Eurozone's July business growth exceeds expectations - PMI
LONDON: Eurozone business growth accelerated at the end of last month as companies largely put the Greek debt crisis behind them, suggesting the bloc's economic recovery is on track, a survey showed on Wednesday. Greece's flirtation with bankruptcy had threatened to wreck the currency union, but Athens agreed a framework bailout plan with its European Union partners in mid-July in exchange for stringent reforms and budget austerity.
With conditions and sentiment improving in the bloc after the deal, Markit's July final Composite Purchasing Managers' Index (PMI) beat an earlier estimate of 53.7, settling at 53.9. That was shy of June's four-year high of 54.2, but the index has now been above the 50 mark that separates growth from contraction since mid-2013. The composite PMI pointed to third-quarter expansion of 0.4 per cent, Markit said, in line with the expectations for the previous three months but less than the 0.5 per cent median forecast in a Reuters poll taken two weeks ago. "The Eurozone economy showed reassuring resilience in the face of the Greek debt crisis in July," said Chris Williamson, Markit's chief economist.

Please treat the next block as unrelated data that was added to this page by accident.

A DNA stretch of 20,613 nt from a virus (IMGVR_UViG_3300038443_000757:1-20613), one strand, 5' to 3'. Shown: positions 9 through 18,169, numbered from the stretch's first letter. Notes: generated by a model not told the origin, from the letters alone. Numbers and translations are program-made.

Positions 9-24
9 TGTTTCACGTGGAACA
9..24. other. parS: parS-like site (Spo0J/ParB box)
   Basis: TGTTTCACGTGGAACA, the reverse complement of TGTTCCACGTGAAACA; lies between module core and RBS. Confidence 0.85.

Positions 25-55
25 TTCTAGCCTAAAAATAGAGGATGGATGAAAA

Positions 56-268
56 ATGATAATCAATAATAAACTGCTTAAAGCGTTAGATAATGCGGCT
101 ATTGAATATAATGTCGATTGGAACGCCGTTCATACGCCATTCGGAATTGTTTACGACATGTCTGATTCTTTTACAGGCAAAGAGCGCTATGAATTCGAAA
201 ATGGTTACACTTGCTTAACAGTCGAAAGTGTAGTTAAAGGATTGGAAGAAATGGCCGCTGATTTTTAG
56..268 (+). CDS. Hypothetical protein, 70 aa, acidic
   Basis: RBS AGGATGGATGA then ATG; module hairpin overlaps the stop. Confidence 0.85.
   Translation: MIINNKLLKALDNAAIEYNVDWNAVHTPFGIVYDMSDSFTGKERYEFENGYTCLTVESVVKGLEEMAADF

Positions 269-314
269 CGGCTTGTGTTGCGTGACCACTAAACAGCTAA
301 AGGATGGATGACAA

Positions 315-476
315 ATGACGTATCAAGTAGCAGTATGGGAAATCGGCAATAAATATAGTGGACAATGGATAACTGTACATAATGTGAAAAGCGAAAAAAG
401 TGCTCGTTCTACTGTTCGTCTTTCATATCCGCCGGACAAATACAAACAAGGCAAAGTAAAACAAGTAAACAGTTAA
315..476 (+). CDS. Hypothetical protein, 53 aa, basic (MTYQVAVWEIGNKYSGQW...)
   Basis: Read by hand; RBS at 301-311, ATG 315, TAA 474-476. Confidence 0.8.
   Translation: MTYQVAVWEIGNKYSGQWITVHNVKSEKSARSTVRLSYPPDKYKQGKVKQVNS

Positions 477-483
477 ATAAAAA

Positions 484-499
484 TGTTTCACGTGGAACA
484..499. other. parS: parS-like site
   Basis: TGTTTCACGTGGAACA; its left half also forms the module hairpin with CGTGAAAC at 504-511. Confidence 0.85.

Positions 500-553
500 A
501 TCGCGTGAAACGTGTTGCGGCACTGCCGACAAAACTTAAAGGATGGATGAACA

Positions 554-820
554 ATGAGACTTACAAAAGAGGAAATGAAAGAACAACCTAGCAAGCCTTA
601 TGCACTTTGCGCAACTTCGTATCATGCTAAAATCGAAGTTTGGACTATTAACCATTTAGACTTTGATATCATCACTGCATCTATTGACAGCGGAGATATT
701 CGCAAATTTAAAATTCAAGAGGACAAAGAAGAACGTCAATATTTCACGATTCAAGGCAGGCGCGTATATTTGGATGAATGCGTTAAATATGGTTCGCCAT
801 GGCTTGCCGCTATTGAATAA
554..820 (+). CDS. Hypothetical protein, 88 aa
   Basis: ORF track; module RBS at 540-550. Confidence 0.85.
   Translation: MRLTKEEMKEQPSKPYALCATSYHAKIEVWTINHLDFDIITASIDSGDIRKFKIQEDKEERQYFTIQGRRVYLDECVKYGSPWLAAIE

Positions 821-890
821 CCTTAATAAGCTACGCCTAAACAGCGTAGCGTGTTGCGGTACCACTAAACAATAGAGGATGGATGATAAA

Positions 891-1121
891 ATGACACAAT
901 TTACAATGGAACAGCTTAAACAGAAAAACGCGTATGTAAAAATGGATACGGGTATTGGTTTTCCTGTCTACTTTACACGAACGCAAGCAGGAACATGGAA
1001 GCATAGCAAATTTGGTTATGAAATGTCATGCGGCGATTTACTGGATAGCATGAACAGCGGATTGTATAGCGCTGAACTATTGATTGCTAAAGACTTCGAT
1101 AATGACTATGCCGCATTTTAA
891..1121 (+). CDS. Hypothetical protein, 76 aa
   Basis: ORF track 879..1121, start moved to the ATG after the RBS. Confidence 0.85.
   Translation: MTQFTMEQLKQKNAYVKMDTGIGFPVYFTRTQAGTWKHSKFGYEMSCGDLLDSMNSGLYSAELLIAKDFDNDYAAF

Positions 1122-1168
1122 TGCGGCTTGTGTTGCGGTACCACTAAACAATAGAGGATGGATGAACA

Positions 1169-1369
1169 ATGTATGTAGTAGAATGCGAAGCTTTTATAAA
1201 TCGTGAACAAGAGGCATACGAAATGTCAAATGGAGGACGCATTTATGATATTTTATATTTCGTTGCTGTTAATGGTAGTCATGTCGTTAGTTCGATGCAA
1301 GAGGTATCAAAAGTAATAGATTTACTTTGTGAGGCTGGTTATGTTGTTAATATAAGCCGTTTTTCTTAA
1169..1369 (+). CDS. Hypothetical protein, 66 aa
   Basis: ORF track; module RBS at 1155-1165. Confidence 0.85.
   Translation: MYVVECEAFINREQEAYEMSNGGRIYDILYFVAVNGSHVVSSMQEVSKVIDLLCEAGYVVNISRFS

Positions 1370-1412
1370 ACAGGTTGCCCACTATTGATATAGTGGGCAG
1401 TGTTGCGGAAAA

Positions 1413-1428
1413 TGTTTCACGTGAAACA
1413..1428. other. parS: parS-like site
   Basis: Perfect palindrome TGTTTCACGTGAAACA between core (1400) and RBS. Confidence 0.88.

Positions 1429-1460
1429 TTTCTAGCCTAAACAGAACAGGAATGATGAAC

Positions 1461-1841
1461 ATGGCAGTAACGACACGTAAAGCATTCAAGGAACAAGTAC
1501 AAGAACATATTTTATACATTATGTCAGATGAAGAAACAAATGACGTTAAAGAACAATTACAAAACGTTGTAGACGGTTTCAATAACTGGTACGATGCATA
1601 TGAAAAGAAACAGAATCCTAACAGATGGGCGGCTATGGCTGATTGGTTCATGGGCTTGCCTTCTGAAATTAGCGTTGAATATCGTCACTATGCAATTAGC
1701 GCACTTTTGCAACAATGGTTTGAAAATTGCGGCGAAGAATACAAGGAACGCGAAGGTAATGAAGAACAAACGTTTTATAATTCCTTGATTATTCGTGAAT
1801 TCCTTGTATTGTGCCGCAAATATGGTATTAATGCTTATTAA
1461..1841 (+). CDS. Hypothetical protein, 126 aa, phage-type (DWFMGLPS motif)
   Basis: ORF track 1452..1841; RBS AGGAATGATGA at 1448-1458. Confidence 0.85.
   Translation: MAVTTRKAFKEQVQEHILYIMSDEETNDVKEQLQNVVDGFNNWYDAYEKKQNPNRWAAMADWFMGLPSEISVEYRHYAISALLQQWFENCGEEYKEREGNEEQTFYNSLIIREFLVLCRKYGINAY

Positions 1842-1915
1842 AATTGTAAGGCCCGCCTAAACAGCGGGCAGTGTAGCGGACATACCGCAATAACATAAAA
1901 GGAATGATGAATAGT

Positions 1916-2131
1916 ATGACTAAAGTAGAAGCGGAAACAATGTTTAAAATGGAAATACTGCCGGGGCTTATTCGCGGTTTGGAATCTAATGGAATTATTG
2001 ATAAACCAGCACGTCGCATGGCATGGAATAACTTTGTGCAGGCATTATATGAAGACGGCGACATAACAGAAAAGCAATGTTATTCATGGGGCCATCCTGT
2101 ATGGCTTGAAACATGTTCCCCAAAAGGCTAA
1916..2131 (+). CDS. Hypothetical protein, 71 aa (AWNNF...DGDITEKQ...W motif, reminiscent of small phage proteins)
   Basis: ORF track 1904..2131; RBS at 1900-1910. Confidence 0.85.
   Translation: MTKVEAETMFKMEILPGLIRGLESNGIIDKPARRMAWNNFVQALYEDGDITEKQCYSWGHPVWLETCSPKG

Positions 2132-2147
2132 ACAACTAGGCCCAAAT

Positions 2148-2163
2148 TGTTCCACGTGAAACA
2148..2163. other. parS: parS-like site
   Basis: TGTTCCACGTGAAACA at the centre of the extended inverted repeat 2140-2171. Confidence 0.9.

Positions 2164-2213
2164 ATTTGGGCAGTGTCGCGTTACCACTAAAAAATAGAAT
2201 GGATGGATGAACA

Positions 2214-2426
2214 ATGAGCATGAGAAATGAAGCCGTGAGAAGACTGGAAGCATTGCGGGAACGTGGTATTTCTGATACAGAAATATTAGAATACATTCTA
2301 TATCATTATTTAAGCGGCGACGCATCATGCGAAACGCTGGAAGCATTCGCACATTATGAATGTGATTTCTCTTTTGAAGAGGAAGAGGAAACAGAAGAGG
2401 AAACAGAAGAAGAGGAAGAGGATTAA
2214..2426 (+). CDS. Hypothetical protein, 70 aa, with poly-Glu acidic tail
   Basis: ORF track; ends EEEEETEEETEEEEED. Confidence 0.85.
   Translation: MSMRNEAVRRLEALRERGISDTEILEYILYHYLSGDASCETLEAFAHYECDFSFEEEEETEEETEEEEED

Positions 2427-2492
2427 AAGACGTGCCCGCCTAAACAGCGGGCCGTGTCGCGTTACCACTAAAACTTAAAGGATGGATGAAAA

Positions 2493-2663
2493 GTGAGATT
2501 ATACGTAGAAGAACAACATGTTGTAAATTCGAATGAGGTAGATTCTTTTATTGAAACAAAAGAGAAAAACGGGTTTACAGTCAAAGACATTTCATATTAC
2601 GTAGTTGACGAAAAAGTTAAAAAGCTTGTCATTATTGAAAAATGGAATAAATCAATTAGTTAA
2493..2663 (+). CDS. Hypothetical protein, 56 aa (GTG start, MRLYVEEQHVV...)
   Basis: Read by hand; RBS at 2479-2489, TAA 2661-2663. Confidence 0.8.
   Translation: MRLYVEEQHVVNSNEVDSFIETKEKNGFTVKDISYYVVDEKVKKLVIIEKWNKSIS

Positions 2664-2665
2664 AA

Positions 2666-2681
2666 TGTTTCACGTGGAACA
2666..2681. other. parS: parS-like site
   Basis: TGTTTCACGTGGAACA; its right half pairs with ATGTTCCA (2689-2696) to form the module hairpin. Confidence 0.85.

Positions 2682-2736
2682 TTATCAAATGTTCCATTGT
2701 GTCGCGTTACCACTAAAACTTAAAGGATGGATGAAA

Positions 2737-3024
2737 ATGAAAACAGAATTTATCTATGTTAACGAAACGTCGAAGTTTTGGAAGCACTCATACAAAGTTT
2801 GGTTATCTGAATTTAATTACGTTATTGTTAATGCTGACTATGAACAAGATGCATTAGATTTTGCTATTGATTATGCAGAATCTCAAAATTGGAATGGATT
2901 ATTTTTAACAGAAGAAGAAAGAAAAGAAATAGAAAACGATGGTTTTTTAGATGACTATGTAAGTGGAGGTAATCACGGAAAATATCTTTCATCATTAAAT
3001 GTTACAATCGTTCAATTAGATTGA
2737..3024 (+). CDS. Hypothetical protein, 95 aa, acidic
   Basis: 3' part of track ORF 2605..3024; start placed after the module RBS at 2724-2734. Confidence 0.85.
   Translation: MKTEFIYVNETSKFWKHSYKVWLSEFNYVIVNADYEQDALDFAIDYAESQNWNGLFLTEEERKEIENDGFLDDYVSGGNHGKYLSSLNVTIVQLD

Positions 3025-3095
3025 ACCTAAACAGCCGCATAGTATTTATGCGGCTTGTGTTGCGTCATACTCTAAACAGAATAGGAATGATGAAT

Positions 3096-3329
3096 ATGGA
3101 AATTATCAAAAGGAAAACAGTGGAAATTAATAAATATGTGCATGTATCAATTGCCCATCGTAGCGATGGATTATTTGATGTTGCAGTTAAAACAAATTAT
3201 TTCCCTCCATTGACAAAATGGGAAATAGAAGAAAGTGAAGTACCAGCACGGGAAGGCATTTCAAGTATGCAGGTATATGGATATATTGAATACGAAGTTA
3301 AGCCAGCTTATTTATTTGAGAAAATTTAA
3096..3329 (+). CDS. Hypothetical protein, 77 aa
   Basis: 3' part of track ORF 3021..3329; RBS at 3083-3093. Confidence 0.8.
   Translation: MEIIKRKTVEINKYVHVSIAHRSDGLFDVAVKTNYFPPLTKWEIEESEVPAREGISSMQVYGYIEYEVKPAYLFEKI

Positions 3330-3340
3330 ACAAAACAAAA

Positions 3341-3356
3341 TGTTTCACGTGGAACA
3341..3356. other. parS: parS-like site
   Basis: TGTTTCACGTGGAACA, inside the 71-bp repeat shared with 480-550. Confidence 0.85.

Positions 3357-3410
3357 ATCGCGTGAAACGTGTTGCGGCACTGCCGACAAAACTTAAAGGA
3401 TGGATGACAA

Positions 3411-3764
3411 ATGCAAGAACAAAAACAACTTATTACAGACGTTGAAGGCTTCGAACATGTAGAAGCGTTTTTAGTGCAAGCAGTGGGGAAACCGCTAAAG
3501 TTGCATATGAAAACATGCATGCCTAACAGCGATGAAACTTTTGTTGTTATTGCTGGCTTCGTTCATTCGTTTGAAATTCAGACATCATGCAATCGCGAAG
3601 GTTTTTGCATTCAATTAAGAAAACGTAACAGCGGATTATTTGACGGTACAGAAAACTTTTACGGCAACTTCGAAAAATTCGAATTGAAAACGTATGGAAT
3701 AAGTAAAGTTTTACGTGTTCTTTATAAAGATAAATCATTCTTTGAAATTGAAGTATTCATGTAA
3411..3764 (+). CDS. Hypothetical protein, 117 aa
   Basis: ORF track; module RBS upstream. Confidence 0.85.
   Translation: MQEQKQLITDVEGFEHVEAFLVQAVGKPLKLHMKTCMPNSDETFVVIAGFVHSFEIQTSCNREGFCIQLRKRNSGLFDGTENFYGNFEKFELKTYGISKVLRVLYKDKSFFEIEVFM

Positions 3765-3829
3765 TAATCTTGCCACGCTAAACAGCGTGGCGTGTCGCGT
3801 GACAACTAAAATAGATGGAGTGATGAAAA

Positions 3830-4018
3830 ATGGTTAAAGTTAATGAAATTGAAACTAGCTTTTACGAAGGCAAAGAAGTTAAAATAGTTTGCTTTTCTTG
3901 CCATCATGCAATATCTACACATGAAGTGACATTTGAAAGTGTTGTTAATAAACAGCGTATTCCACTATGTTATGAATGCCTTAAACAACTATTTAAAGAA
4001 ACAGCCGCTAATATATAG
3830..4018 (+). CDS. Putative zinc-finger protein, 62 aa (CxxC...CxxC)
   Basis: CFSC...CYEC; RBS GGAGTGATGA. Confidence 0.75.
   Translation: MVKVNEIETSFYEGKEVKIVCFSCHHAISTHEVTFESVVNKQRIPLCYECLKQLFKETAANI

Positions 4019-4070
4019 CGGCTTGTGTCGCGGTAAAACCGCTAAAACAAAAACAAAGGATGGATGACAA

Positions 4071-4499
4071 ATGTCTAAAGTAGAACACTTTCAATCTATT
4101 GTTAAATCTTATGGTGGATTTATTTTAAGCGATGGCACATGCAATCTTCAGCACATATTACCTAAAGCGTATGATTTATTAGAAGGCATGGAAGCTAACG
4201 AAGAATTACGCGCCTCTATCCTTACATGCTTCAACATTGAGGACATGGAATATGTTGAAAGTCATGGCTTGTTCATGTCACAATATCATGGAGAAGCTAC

"With survey results like these, the European Central Bank will no doubt see the Eurozone recovery as remaining firmly 'on track', supporting the view that the region looks set to grow by at least 1.5 per cent in 2015." Services, which dominate the bloc's economy, also performed better than first thought. A PMI covering the sector came in at 54.0, above the flash 53.8. In June, it was 54.4, better than a four-year high. However, as in every month since early 2012, businesses cut prices to encourage business - although only slightly. The composite output price subindex rose to 49.8 from June's 49.4, its highest reading since it fell below 50 in April 2012.